On a personal level, I believe Black Friday sales bring out the worst of humanity. Greed and materialism foster fierce competition and violent confrontations in intense quests to hand money over to retailers in exchange for goods they deem we require.
I can’t think of another country that spends one day at home being thankful for family, health and happiness, then spends the next day tasering one another in fights over video games.
There’s one Black Friday tradition, though, that makes me happy. Yes, there’s still competition and differences of opinion, but for the most part it offers fun and the possibility for a deal of a lifetime: a used car for $1.
A car dealer in Texas sells cars for a dollar on Black Friday. The tradition began in 2008 as an effort to draw people to the Sterling McCall Toyota dealership on Black Friday. The promotion works like this:
The dealerships says it will sell a certain number of cars for one dollar. No one knows which cars will get the nearly free price, but hoards of people line up as early as 5 a.m. to stake claim to a car they think will be marked down. At 9 a.m., a sales manager comes out and writes prices on the windshields. The person in the driver’s seat has the first opportunity to take the car at the marked price.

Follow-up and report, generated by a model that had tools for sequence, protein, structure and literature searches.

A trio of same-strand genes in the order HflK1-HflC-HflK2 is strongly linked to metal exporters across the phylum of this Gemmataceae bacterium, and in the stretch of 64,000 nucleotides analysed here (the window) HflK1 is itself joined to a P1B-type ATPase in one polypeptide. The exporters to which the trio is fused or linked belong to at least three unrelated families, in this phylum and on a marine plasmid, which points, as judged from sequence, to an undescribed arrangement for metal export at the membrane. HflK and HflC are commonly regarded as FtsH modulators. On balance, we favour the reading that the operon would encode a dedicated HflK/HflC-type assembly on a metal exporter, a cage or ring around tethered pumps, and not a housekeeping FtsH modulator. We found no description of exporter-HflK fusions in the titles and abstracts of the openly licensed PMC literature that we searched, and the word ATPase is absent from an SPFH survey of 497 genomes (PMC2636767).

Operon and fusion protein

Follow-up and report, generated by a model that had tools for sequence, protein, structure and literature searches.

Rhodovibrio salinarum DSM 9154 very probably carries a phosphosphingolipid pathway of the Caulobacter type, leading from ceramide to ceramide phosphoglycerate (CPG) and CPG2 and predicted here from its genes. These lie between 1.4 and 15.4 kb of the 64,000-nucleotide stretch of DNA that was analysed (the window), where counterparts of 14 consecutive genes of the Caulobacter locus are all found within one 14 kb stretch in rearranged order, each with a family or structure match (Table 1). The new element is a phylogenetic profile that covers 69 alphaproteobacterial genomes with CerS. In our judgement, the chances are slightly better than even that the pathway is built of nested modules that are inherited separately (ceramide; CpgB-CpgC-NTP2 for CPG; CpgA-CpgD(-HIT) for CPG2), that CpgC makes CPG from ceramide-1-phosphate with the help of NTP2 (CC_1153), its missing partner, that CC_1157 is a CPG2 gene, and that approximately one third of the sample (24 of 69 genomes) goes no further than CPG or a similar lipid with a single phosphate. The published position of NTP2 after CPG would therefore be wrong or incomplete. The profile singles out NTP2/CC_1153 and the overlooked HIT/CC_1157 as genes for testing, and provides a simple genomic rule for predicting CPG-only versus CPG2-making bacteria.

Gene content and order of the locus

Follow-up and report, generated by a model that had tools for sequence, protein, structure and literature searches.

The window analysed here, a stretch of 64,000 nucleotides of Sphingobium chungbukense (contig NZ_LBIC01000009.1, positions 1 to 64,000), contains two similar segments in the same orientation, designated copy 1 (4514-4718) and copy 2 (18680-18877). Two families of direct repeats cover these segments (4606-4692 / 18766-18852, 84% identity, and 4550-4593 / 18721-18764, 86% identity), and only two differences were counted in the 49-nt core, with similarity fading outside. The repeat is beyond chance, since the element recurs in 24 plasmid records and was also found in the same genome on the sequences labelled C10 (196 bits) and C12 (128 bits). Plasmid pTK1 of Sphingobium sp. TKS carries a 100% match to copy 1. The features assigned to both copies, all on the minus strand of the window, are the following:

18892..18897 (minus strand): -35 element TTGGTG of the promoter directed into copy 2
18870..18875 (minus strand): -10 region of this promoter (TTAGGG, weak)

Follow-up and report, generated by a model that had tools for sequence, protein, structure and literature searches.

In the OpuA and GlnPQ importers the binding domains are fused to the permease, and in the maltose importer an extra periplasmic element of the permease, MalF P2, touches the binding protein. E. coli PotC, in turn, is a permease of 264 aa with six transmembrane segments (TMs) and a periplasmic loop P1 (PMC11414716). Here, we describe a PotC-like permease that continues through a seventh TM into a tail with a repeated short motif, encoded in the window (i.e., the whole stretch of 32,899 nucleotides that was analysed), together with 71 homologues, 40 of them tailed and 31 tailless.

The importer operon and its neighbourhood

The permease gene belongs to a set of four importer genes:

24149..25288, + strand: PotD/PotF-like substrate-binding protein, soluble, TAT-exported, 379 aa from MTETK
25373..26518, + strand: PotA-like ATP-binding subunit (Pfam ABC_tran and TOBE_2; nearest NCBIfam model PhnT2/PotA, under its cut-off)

This year, three cars got the $1 price, 10 were under $1,000, and 50 were below $10,000. Automotive News says:
The $1 cars usually are at least 10 years old with 100,000 to 200,000 miles on the clock, Bush says. The dealership has sold a 10-year-old Chrysler PT Cruiser wagon and a 12-year-old Chevrolet Silverado pickup truck for a buck. Every vehicle passes a safety inspection.
The sale also brings in lots of people who wind up buying a new or used car simply because they can’t pass up a good deal.
This is brilliant marketing. It doesn’t cost the dealership an outrageous amount of money, and it brings in hundreds of people on a day when car shopping typically isn’t top-of-mind.
I can’t say I’ll ever leave the comfort of my fireplace on Black Friday, but if I did, it would be to go to Sterling McCall.
Would you risk the crowds for a chance at a $1 car?